By Ciara Athy
When working with children, art has the ability to create conversation on a variety of topics, some that are tricky to talk about! When creating these types of art projects, it is important to offer familiar materials and an encouraging environment.
Expressing oneself through visual arts – drawing, painting, sculpture, and more – is a process and a journey. By tuning into a child’s behavior and language while they create, you can learn a lot about the way they perceive their surroundings.
Here are some ideas to keep in mind for promoting social-emotional learning while your child is making art:
Beginning the Art Making Process
Does the child choose a direction right away or do they take a little time to come up with ideas? If the child chooses a direction right away, encourage them to explore their ideas in the art and ask about the choices they make. For a child that is trying to get started, sometimes an example can help them become more thoughtful.
Interacting with the World in New Ways
A child’s favorite art material or the way they work with materials may reflect how they interact with the world.
If a child is energetic, take steps to help them recognize it’s okay to be expressive and even messy (gasp!), but we should always be considerate of our surroundings. Balancing both expressive and controlled art making would be beneficial in this case.
If the child works in a way that is more controlled and reserved, creating more tactile or ‘hands on’ art experiences could help encourage them to take artistic risks! Try providing sculpture materials like recyclables, use play-doh/model magic, or experiment with paint.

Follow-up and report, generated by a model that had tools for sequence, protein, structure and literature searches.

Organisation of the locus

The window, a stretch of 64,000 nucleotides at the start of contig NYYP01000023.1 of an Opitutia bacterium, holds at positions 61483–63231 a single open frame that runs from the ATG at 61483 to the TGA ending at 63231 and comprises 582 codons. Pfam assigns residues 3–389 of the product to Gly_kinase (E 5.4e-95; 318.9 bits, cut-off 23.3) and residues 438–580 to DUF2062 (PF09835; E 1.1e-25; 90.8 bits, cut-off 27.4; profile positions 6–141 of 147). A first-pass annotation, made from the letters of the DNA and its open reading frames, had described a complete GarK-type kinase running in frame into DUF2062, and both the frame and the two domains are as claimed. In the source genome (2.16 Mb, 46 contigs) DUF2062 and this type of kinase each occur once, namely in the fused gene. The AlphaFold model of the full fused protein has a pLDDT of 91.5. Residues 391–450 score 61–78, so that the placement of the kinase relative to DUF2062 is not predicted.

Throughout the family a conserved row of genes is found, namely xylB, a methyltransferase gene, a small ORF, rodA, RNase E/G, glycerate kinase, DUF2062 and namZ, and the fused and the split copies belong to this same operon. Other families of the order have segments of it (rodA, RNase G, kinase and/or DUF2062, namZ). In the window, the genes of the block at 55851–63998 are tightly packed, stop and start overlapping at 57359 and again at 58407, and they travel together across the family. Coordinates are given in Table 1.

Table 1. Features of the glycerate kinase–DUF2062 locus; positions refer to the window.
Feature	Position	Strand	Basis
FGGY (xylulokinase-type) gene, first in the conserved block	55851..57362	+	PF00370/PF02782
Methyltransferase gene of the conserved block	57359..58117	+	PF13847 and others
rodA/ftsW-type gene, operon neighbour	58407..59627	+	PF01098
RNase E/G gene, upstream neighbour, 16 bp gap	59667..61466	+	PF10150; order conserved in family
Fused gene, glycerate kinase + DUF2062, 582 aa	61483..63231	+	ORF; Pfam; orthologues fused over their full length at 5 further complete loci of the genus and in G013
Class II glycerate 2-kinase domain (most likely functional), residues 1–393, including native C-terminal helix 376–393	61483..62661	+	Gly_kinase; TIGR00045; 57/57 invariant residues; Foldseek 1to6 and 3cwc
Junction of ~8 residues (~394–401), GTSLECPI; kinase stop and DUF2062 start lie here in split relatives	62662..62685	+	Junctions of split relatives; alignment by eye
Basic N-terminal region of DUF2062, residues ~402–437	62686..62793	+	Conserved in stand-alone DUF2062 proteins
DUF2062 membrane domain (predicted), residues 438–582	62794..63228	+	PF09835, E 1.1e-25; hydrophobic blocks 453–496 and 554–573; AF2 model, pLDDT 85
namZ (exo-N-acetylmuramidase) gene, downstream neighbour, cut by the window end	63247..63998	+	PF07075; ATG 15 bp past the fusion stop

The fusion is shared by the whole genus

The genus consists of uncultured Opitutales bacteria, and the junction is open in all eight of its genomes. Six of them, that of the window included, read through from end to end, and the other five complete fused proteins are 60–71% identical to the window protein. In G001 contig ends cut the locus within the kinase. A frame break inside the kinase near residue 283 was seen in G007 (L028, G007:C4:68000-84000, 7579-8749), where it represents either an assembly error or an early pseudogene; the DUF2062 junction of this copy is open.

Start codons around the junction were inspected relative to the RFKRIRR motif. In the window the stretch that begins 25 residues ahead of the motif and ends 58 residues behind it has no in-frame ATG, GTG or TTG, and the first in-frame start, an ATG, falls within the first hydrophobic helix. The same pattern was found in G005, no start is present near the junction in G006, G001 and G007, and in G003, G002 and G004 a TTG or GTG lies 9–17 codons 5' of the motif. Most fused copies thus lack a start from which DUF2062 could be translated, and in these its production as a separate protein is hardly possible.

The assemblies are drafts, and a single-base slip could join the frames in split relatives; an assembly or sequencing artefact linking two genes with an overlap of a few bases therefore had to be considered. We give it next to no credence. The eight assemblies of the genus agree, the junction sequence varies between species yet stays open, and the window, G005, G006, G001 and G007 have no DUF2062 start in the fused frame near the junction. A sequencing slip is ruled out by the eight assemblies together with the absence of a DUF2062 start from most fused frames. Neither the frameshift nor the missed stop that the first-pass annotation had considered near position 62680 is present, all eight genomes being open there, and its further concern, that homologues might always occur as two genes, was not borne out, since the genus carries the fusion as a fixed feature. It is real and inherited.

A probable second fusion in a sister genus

Evaluating and Problem Solving
How does the child react when something doesn’t go as planned? Are they able to continue working? This is directly applicable to problem solving skills in other aspects of life.
Evaluating and problem solving can come up often in art making. Drawing attention to the process and modeling how to appropriately work through problems can help the child’s develop important skills!
Above all, it is impactful when parents and professionals engage children and guide them to make connections between art making and other aspects of life. Enabling a child to express themselves through art can become a rewarding shared experience.
About the Author
Ciara Athy is a lifelong resident of Chicago's southwest suburbs. She graduated from Adrian College in Adrian, MI with a Bachelor of Arts in Studio Art and Psychology. Currently, Ciara is a Graduate Student at Adler University pursuing a Masters of Counseling in Art Therapy. As a counselor and art therapist in training, she is learning about the benefit of incorporating art making in therapeutic practice. She loves spending time encouraging others to express themselves through ice-skating and art.